Vasari Corridor

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The Vasari corridor's bridge from the Palazzo Vecchio to Uffizi
Inside view of the Vasari corridor from the Uffizi Gallery toward Palazzo Pitti.

The Vasari Corridor (Italian: Corridoio Vasariano) is an elevated enclosed passageway in Florence, central Italy, which connects the Palazzo Vecchio with the Palazzo Pitti. Beginning on the south side of the Palazzo Vecchio, it then joins the Uffizi Gallery and leaves on its south side, crossing the Lungarno dei Archibusieri and then following the north bank of the River Arno until it crosses the river at Ponte Vecchio. At the time of construction, the corridor had to be built around the Torre dei Mannelli, using brackets, because the owners of the tower refused to alter it. The corridor covers up part of the façade of the Church of Santa Felicità. The corridor then snakes its way over rows of houses in the Oltrarno district, becoming narrower, to finally join the Palazzo Pitti. The full length of the corridor is approximately one kilometre.[1][2]

In 2016 the corridor was closed for safety reasons,[3] to re-open for tourists in 2021.[4]

History and overview[edit]

The Corridoio seen from the Ponte Vecchio.

The Vasari Corridor was built in five months by order of Duke Cosimo I de' Medici in 1565, to the design of Giorgio Vasari. It was commissioned in connection with the marriage of Cosimo's son, Francesco, with Johanna of Austria. The idea of an enclosed passageway was motivated by the Grand Duke's desire to move freely between his residence and the government palace, when, like most monarchs of the period, he felt insecure in public, in his case especially because he had replaced the Republic of Florence. The meat market of Ponte Vecchio was moved to avoid its smell reaching into the passage, its place being taken by the goldsmith shops that still occupy the bridge. At the latter extremity, the corridor was forced to pass around the Mannelli's Tower, after the staunch opposition of that family to its destruction.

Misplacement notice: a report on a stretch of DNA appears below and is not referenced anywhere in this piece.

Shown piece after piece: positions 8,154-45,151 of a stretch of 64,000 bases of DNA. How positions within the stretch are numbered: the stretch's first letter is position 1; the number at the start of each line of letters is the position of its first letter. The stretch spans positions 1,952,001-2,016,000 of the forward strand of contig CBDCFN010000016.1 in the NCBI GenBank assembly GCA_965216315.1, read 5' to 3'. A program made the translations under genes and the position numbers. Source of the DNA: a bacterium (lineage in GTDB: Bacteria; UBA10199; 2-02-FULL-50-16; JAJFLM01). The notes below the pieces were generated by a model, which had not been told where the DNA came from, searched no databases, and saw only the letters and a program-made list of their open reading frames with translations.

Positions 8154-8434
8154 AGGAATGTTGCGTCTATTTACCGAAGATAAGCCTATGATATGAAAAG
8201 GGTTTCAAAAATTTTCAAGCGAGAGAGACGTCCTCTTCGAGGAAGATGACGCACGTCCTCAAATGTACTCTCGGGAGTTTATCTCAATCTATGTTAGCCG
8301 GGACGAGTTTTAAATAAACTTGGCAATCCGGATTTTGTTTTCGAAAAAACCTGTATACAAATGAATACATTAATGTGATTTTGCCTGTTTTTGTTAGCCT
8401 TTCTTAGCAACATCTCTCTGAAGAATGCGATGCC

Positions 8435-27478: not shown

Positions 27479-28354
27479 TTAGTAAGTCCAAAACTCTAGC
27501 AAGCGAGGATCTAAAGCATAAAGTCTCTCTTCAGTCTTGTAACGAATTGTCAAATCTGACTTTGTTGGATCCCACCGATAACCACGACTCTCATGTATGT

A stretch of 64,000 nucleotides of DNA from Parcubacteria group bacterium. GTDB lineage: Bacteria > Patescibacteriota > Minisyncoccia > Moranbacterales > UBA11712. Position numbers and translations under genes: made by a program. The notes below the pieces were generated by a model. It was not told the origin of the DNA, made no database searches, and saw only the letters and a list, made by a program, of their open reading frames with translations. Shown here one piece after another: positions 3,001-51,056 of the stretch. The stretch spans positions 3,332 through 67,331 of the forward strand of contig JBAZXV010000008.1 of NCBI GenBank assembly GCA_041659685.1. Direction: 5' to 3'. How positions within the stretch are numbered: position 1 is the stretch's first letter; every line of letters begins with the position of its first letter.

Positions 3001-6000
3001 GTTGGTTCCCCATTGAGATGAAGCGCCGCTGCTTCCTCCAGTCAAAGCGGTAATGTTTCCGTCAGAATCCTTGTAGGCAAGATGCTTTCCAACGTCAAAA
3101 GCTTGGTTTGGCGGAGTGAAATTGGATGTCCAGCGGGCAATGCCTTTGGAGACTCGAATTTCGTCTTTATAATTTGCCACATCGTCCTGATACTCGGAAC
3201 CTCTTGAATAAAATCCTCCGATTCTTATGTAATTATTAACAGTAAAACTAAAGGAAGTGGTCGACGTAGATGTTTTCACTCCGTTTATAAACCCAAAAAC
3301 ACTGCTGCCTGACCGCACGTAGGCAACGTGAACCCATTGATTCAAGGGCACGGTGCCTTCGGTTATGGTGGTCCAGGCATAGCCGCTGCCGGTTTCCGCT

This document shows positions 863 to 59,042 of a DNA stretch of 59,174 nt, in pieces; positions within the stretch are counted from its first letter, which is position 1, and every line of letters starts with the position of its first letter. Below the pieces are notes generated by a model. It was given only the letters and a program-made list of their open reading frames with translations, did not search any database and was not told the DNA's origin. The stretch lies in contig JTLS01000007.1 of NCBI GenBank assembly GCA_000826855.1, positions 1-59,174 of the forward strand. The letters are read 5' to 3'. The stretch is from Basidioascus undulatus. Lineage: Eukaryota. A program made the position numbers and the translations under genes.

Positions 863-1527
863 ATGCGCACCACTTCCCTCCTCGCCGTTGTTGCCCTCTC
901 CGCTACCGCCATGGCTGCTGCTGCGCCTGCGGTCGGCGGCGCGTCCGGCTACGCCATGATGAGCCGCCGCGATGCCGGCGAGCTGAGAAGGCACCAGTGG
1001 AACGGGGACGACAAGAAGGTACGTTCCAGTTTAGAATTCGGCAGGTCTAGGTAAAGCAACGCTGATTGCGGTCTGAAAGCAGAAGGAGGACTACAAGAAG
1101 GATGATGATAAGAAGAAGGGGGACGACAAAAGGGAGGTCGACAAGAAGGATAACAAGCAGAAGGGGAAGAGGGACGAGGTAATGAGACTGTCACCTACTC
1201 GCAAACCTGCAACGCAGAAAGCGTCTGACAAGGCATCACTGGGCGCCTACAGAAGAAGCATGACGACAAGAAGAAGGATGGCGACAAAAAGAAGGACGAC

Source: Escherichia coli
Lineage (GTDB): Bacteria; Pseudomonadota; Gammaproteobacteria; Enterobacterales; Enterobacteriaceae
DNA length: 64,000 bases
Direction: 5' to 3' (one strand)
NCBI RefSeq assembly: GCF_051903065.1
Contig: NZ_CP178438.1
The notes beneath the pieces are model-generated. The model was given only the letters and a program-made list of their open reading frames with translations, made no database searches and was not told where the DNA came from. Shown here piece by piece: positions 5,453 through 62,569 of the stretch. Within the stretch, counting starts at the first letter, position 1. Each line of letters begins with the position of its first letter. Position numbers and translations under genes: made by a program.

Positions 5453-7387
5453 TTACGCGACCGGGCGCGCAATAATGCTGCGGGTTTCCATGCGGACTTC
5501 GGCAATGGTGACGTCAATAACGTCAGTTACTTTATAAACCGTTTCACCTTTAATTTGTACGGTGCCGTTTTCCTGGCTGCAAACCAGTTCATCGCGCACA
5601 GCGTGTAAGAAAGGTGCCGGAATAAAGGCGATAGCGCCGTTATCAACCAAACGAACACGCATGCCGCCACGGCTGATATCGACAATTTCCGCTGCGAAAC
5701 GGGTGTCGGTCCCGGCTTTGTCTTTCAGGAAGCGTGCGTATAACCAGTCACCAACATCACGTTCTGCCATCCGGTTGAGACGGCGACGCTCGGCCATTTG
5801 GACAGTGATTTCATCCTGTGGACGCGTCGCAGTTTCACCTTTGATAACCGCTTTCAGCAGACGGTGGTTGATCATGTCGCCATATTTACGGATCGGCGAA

Vasari's tile-roofed Corridoio running from the Uffizi (right), above the river bank and across the Ponte Vecchio on its way to link Palazzo Pitti
Street view of the Ponte Vecchio as seen from the Vasari Corridor

In the middle of Ponte Vecchio, the corridor is characterized by a series of panoramic windows facing the Arno, in the direction of the Ponte Santa Trinita. These replaced the smaller windows of the original construction in 1939, by order of Benito Mussolini. The larger windows were installed for an official visit to Florence by Adolf Hitler to give him a panoramic view of the river.

After the Ponte Vecchio the Corridor passes over the loggiato of the church of Santa Felicita; at that point it had a balcony, protected by a thick railing, looking into the interior of the church, in order to allow the Grand Duke's family to follow services without mixing with the populace.

In its Uffizi section, the Vasari Corridor is used to exhibit the museum's famous collection of self-portraits.

The area closest to the Uffizi entrance was heavily damaged by a bombing commissioned by the Italian mafia on the night of May 27, 1993. When a car bomb was detonated next to the Torre dei Pulci, located between via Lambertesca and via de' Georgofili, this section of the Uffizi Gallery was among the buildings damaged, and several artworks in the Corridor were destroyed. These paintings, some hopelessly damaged, have been pieced back together and placed back on their original spot to serve as a reminder of the event.

See also[edit]


  1. ^ "History: Corridoio Vasariano". Retrieved 2020-05-26.
  2. ^ "The Vasari Corridor". Retrieved 2020-05-26.
  3. ^ "Florence's 'secret' Vasari corridor to open to the public in 2021". 2019-02-20. Retrieved 2019-02-26.
  4. ^ "Florence's 'secret' Vasari corridor to open to the public in 2021". 2019-02-20. Retrieved 2019-02-26.

External links[edit]

Media related to Vasari Corridor at Wikimedia Commons

Coordinates: 43°46′5.53″N 11°15′14.57″E / 43.7682028°N 11.2540472°E / 43.7682028; 11.2540472